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This is what panic feels like to me

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Monday, 04 August 2014

This is what panic feels like. The text comes from my husband – he has a headache so bad he is on the verge of being sick. I write back words of sympathy and ask if he needs anything. No response. Twenty minutes pass. No response. I think it’s odd that it would take him so long to write back. I wonder if maybe something happened?

And now we’re off to the races. Instantly I’m thinking he’s had a stroke or some kind of infarction or whatever the doctors call it when you get a headache and then you die. Instantly my heart begins racing. I cannot stop picturing him, paralyzed and twitching, wishing I would come home so I can call a doctor and save him. I cannot stop picturing myself arriving home to find him dead. I cannot stop picturing my life unraveling from there – the call to his mother, the call to my mother, the shocked horror on the faces of my friends as they bring me tea and try to say something, anything, but there’s nothing they can say, so we sit in silence and marinate in the bleak reality of mortality, the dead emptiness of my newly bereft future spreading out like ink over the plans I’ve made for the two of us, the sick, horrible feeling of despair, the desire to wake up from a nightmare. My heart is still racing. All of this has taken about fifteen seconds – to go from normal concern to overwhelming fear. Still no text response. I decide I must go home and check, just to be sure, just to alleviate the fear, just because if he’s dead I should know about it as soon as possible. I pack up my things. I write a quick to-do list. Does this make sense if I actually believe it’s real? Of course not – I don’t really believe it – my thinking brain knows this behavior is irrational – why else make a to-do list, set myself up to be productive after the madness has passed, except if I don’t really believe it’s real? But I can tell you without a doubt that while my mind knows this is insane, my body believes it is utterly real.

This is something anxious people know: adrenaline is a dangerous drug.

 I race out of the building. I try to calm myself down. “Now, I’m going to the car. I’m doing everything I can. Now, I am driving the car. I will get home soon. He’s fine, he’s watching TV, he’s not looking at his phone, everything is fine. Picture him fine, watching TV. No, no STOP, do not picture him dead and cold. He’s fine, he’s warm and swaddled in a blanket and yes, ok, he has a headache, but that does not mean he’s dying, jeezus get your shit together.” I drive and drive and I come to a stop light and holyshitIcan’tfuckingsithereanymore and then I pull out my phone expecting nothing and there it is – a response. “I’m fine. Suffering through it. Watching Netflix.”

Oh thank god.  Here is the evidence that the panic wasn’t worth it, that I overreacted, that there is no cause for alarm. Here is the piece of information you needed in order to calm down: he is not dead. Dead people do not send text messages. But why is my body still on alert? Why does it still feel like my healthy 31-year-old husband might just possibly be dying? Why don’t I feel a flood of relief, other than the intellectual exercise of acknowledging his continued existence – why isn’t the feeling there? What is wrong with my chemistry that I can’t even take this evidence and use it to stop the racing heart, the shaking hands, the persistent belief that the world is ending and I need to run, sprint, dashquickasyoucan away from the oncoming disaster – or towards it, to confirm that it is real – either way?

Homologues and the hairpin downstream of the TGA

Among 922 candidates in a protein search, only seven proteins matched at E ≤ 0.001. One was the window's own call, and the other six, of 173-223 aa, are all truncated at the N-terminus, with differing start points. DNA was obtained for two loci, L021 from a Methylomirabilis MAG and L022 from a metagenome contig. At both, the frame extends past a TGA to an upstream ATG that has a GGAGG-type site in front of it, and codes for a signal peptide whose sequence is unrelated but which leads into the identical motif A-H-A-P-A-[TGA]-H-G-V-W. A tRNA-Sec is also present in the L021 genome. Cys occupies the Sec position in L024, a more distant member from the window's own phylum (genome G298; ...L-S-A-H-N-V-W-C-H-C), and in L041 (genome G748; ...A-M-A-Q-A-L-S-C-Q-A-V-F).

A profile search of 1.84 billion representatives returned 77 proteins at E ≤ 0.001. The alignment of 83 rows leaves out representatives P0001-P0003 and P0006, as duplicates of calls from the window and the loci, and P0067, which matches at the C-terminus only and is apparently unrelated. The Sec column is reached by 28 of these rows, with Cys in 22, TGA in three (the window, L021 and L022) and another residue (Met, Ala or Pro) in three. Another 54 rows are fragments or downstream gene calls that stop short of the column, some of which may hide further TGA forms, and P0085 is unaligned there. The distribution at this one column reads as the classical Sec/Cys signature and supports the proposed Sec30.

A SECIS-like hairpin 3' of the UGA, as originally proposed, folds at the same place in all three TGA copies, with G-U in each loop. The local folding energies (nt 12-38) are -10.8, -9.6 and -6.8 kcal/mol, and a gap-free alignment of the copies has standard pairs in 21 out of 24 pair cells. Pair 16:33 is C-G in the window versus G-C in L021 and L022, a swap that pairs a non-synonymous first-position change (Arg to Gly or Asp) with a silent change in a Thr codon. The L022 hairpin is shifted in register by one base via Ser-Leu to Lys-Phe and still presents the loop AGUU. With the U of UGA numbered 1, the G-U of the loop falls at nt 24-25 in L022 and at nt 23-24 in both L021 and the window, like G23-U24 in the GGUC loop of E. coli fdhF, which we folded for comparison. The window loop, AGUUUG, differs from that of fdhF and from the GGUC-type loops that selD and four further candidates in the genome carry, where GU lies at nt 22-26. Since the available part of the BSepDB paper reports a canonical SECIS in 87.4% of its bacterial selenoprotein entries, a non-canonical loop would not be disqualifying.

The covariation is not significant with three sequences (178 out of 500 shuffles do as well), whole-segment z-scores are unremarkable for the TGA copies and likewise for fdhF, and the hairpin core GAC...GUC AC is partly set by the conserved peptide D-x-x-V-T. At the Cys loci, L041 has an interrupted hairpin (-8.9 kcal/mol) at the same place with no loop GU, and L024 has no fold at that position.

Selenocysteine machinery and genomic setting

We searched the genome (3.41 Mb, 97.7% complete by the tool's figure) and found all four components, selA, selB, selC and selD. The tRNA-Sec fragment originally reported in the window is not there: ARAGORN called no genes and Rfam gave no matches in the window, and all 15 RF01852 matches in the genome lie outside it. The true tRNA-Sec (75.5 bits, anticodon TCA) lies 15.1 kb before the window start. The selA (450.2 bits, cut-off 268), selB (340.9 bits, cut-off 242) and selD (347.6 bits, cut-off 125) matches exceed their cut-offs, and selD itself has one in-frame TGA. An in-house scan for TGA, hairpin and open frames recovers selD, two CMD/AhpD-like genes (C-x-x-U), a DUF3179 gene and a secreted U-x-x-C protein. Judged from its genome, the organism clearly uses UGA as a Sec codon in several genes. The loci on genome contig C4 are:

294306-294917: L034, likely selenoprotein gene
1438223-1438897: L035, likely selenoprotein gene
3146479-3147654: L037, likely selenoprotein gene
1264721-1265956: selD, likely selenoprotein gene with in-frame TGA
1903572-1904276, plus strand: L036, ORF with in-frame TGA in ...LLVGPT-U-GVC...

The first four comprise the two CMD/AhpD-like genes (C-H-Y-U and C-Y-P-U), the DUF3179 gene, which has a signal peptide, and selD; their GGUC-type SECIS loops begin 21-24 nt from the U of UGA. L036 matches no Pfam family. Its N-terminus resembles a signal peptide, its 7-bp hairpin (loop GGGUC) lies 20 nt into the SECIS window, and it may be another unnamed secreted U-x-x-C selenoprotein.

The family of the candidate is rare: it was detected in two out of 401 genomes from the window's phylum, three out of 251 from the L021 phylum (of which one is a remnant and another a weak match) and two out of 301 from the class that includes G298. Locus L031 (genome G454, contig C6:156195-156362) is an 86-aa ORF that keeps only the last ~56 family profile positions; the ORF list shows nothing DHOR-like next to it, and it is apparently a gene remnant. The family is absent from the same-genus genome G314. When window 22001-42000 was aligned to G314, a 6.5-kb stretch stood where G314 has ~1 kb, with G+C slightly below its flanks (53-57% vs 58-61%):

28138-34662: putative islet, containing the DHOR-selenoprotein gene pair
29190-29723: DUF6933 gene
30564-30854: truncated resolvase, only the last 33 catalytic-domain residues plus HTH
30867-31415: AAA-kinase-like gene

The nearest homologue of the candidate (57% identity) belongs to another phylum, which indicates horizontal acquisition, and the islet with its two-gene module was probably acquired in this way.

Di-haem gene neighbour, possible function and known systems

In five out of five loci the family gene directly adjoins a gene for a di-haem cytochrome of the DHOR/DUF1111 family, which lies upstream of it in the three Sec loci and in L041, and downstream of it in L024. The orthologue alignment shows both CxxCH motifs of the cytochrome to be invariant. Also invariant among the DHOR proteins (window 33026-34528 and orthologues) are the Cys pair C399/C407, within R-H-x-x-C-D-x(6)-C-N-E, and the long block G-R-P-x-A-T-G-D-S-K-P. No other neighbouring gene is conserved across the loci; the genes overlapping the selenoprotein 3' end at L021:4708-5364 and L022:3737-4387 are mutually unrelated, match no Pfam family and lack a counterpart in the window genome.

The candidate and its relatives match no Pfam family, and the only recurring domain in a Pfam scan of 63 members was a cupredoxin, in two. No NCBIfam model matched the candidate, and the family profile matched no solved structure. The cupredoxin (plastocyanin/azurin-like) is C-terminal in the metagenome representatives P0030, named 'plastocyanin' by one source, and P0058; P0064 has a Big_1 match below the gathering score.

I drive aimlessly, no need to go home anymore, my destination eliminated, I am unmoored. I drive around the block. I don’t know where to go. My jaw is clenched and my shoulders feel tight. I realize I’m saying aloud, over and over, “I just need to breathe and chill the fuck out. I just need to breathe. Yep, I need to breathe and calm down.” I realize I am not following my own instructions.

What a wonder, that my subconscious mind can send me a message in this way, that it can hijack my talking-parts and use them to send me a simple directive, that it knows the answer, that it knows the way back to sanity. What a wonder, that I could forget to perform this basic function in the first place.

I take a deep breath. Then another. Then another. This usually works. I just need to give it time. Another.  And then suddenly it’s working, the subtle alchemy of bile and adrenaline breaking down and disappearing under an onslaught of oxygen. It’s not exactly a feeling of relief – more a sense of the barrage being over. The lull between cannon blasts. This is what panic feels like: I am under a protracted siege. I am faintly embarrassed, I mean what kind of crazy person leaves work without notice because her husband got a headache and she assumed he was in the final throes of death, I mean come on, you’re a grown up. Hold it together. But I am also vaguely aware that I have survived something horrible, something that was outside of my control, and that I am going to have to go on surviving it for the rest of my life, and this round actually went pretty well, all things considered, and maybe it was good practice for the next round. So in that sense I’m kind of proud. Those thirty minutes were terrible, it’s true, but hey, I got through it. It’s possible to get through it.

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